I’ve been coding for more than 10 years, and I’ve used a variety of languages, but when it comes to fill my pockets I code in Ruby.

I have been checking out Go for a while now. I like it’s simplicity while maintaining consistency across its methods and standard libraries. I have little experience with typed languages, but Go makes it feel easy, and the IDE tools it has makes it fun to use.

So what is this Tech Q I’m talking about? It’s a web application where I can randomly get questions for technical interviews I sometimes do at my work. I was looking to learn the following:

  1. Embedding with go:embed1 : I’m blown away with the idea you can compile statics in a binary. I tested go-bindata and packr, but Go introduced a way in 2021.
  2. Serving paths with http: I’ve experimented with gorilla/mux2 but wanted to use the http3 module.
  3. Using gorm4 with SQLite5: I’ve been keeping an eye on this library for a while, wanted to give it a try using SQLite.
  4. Organizing the app: I have experimented on how to modularize a Go application, but wanted to give it another go, to see what feels natural.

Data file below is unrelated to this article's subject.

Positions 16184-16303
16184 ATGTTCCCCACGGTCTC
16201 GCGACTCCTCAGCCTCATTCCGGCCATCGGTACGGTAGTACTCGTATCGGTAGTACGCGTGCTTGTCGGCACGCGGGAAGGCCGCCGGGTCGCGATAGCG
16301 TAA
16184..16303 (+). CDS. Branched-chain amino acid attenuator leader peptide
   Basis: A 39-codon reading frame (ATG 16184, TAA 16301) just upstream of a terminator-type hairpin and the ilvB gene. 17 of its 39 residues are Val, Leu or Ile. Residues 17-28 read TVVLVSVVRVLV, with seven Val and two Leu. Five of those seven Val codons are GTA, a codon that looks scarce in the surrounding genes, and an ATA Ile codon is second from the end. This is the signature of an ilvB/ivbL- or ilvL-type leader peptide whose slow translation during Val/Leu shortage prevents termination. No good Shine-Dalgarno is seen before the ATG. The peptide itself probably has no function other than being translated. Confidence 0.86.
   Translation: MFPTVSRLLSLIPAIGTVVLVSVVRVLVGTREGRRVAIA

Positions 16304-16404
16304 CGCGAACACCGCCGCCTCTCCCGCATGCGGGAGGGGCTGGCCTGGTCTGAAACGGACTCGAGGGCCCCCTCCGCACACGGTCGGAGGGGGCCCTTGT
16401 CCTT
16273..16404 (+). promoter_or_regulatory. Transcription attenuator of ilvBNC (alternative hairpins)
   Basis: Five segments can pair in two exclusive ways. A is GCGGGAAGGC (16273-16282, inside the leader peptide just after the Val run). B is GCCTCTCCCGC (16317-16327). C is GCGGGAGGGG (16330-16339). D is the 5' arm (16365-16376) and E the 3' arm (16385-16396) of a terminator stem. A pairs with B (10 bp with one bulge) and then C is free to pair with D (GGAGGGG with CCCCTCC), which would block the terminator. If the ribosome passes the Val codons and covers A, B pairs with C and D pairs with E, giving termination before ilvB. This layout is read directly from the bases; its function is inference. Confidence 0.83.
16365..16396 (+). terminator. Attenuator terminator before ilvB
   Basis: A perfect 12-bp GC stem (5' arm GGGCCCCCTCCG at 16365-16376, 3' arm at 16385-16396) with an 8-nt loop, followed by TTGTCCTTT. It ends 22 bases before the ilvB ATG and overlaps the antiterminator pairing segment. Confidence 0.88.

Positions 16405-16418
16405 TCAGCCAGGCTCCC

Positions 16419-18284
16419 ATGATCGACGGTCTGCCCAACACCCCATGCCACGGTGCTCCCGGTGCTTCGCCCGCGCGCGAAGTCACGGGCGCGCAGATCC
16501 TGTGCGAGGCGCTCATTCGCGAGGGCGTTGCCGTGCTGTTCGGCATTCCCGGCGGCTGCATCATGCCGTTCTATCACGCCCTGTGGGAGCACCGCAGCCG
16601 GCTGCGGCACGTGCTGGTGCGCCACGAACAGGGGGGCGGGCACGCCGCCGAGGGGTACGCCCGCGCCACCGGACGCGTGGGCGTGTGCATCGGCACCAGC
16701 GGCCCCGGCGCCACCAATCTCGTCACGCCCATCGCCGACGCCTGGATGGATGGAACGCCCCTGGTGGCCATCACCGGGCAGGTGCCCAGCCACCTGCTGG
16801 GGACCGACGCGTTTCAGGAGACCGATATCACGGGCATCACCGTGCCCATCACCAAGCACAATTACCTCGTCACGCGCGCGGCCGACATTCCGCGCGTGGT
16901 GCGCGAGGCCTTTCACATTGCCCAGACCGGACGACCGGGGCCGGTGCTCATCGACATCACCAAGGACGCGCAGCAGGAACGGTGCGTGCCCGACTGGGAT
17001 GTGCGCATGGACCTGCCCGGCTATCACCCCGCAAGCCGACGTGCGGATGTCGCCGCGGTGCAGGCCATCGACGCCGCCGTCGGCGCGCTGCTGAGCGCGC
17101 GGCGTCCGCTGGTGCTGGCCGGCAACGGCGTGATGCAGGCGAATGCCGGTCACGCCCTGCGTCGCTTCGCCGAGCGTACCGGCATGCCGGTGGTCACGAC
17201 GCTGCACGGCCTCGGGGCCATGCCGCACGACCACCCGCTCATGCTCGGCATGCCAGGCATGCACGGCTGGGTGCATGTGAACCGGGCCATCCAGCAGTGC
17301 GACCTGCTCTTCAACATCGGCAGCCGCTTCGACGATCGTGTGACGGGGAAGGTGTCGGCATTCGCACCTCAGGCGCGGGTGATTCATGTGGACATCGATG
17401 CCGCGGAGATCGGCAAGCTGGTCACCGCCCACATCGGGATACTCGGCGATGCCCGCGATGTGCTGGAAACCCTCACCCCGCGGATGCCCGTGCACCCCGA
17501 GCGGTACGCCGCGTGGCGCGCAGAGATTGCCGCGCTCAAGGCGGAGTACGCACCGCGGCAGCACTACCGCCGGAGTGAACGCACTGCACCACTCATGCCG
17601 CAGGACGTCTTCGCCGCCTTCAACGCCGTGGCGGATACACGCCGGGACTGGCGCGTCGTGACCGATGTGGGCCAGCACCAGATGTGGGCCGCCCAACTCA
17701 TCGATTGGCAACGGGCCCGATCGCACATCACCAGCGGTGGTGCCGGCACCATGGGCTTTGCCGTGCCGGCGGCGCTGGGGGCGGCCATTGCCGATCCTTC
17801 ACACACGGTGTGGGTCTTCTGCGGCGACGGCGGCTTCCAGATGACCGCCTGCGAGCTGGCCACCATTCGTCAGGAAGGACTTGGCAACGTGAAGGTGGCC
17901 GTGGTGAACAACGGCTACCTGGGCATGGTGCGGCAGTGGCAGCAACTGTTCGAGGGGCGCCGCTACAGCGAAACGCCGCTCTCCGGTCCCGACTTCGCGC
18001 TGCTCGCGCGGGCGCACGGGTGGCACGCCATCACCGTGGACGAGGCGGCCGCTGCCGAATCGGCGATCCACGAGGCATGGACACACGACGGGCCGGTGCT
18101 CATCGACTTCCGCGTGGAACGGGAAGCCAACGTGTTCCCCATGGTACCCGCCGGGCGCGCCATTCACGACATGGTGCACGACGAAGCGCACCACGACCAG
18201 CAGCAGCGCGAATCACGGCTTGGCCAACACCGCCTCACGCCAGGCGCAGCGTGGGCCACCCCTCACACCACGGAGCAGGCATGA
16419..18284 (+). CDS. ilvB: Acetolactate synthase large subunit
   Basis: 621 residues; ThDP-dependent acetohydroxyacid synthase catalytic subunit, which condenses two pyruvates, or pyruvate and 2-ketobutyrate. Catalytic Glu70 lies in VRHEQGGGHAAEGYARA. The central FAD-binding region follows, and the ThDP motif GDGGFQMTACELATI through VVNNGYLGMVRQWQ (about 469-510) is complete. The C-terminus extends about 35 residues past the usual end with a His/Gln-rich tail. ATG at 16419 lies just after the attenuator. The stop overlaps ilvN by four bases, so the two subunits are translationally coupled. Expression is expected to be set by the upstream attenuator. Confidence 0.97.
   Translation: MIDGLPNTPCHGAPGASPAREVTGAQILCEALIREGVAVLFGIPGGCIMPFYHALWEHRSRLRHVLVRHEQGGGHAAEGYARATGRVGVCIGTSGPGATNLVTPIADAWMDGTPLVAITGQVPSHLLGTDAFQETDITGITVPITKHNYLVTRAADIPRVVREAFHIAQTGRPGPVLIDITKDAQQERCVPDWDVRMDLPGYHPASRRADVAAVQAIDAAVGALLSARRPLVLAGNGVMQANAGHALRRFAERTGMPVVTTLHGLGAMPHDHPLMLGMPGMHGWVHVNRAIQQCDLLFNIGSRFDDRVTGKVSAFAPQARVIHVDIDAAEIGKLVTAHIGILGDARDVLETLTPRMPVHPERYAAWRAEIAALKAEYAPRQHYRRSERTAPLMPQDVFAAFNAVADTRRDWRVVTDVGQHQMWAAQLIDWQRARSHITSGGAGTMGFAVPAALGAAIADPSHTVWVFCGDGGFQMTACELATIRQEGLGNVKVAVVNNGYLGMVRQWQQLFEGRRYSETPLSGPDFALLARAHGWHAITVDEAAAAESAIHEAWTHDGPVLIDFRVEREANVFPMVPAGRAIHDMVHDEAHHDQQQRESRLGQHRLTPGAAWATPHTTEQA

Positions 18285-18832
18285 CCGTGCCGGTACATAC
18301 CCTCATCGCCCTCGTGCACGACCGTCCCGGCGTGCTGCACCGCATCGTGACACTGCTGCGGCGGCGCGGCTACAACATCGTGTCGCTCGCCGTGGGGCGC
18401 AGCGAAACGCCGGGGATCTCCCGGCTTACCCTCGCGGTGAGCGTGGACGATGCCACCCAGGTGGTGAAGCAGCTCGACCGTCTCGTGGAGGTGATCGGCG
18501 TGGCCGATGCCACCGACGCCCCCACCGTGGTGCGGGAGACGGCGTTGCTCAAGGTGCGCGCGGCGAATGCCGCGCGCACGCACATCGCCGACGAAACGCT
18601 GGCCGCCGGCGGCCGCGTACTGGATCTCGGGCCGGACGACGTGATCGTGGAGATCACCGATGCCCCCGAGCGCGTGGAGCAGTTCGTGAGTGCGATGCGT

5. Last but not least, to deploy something: It’s been a while and it’s always fun.

Let’s dive into what I learned for each of these points.

Embedding with go:embed

Turns out you can use the directive //go:embed to access embedded files in a Go program. For this application I created the following structure.

├── resources.go
├── static
│   ├── css
│   ├── fonts
│   └── images
└── templates
    ├── index.gohtml
    └── layout.gohtml

Where resources.go contains the following code:

package resources

import "embed"

var (
	//go:embed templates
	Templates embed.FS

	//go:embed static
	Statics embed.FS

This allows me to use the embedded files like this, for example the IndexHandler: